We ended with everyone on stage in a We-Are-The-World pile-on, hammering a suped-up Chuck Berry-style version of The Hog-Eye Man, with this astounding lyric, "Sally's in the garden punching duff. The cheeks of her arse go chuff, chuff, chuff." Hannah James even danced a wood-splintering clogging solo. How would you market that band? Can you imagine being in the elevator when you get to pitch your idea to the Geffen A&R guy?

"We're an upbeat blues rock folk band with a clog dancer."

They'd be fools to pass on it. The audience lost their minds. I lost mine. Jim played his guitar like it was on fire and he was trying to put it out. I screamed some far-off harmony. I don't think anyone could hear me, not that it mattered. It was just madness, a thundering folk orgasm to burn the last fumes of the bank holiday weekend.

We encored with Maddy Prior leading Rolling Home. Two thousand people waved their arms back and forth in opposite rhythms, loosely guided by the tempo of the song, anemones in a coral reef of bright rain jackets.

I had a train to catch.

I hugged everyone I could find back stage. I hugged sound techs. I might have hugged some innocent bystanders, just to be sure. We all promised to be in touch.

When I got to the merch tent to check out my CDs, The Sweetback Sisters were there, signing autographs. People were still buying CDs, so I waited ten minutes and caught my breath. I'm so glad I did, because that's when Jason gave me a copy of "Peach Crate."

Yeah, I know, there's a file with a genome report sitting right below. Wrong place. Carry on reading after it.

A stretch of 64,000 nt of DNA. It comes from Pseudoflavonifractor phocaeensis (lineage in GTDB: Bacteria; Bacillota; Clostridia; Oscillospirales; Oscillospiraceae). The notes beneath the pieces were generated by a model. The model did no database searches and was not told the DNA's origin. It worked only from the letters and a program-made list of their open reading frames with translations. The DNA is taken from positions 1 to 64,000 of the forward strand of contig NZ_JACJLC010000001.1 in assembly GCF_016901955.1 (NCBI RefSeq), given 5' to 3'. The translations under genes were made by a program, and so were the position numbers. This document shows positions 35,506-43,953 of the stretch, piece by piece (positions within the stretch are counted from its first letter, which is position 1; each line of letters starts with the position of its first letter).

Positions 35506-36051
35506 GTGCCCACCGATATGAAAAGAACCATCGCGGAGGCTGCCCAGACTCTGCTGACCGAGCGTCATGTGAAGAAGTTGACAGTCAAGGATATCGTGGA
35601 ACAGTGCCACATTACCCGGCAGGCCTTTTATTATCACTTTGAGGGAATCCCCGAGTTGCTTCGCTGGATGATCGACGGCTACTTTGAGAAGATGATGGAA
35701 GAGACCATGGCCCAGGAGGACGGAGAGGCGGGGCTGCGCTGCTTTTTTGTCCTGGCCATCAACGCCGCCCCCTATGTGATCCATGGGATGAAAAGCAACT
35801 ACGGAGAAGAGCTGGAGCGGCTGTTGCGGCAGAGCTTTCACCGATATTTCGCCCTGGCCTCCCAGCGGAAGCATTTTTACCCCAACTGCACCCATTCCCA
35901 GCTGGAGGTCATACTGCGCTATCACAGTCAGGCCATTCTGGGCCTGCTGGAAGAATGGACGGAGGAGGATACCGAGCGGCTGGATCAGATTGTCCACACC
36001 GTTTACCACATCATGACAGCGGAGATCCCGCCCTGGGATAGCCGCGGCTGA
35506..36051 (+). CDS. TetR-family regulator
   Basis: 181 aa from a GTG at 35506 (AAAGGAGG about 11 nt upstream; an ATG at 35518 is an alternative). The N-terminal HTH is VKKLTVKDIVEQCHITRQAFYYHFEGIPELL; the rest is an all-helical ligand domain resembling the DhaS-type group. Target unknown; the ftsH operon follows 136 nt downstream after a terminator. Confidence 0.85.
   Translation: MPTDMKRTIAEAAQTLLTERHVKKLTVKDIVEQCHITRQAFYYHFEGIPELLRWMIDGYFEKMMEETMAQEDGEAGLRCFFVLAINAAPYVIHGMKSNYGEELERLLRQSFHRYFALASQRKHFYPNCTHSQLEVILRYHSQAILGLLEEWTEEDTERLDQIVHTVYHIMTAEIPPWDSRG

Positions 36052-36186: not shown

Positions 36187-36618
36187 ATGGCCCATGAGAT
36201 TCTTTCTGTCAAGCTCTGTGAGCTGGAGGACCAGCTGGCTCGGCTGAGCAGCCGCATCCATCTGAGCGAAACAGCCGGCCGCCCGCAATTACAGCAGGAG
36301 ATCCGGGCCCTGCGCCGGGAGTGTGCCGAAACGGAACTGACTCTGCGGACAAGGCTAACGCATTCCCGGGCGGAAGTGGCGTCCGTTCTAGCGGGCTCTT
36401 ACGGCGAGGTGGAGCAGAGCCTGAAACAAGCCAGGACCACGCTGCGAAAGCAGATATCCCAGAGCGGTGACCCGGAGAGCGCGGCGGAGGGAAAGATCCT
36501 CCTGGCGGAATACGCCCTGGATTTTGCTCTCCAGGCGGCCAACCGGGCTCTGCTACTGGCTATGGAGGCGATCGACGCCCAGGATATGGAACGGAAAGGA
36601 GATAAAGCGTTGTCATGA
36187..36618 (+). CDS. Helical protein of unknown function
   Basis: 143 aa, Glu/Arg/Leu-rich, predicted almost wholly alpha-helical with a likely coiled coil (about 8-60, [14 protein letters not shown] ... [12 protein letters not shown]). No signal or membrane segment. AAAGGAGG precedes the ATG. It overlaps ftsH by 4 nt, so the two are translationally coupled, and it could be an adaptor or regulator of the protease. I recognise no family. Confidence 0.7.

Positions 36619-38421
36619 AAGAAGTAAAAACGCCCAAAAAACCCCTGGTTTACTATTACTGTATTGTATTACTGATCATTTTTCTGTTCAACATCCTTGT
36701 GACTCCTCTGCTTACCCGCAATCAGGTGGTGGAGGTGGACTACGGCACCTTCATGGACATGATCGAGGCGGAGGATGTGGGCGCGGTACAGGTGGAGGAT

The manager of the store handed me a wad of pounds sterling and a big, empty suitcase. "You were the top seller of the festival." I couldn't believe it. Y'all are definitely getting a picture of the chicken coop.

The festival grounds were sodden with the rain. I squished across to artist reception and found my driver. Everyone was trying to leave the festival at once. The parking field was too wet to cross. All traffic was funneled onto the one paved road that left the campus, bottlenecked down to a single lane at the top of the hill. Steve swung the big shuttle out onto the road and joined the line. We sat in a long row of brake lights.

I said, "I think we have time for that long story now."



Baby Egg

The phone in my hotel room rang at 11:15pm. The driver had come to pick me up and take me back to the festival for late night fun. I apologized to him for his wasted trip and rolled back over, wide awake and exhausted. My wife emailed me all night from Eastern Daylight Time. We lost another chicken to a raccoon. That makes four chickens we've lost while I've been gone. The current coop is failing and I am not home to fix it. A husband on the road is no husband at all. She is burying chickens and terrified for the survivors' safety every night. We agreed that she should hire a carpenter to finish the new coop that I've started. I tried to convey my unwritten construction plans to my surrogate from across the ocean in an email.

Rowan, our two-year-old, is learning how fragile life is. He gathered an egg from the coop and cradled it in his hands all the way back to the house. He dubbed it the "baby egg." He took it to his room and made a crib for it. He spoke to it softly and nursed it at his breast.

I fell asleep at 4am. I showed up on the festival grounds at 9am to warm up for my flatpicking workshop. The Sabrina marquee had about 1500 seats. I had no idea how many would come to the workshop. I told everyone to bring guitars.

The soundman showed up at about 9:30 and said, "We don't run sound for workshops. I'm just here to set up some things."

At 10am, there were 60 people. Half of them had their guitars. I set my metronome up on some rigging and started talking. After a few sentences, I asked, "Can everyone hear me?"

The answer was a resounding no. I went and found the soundman.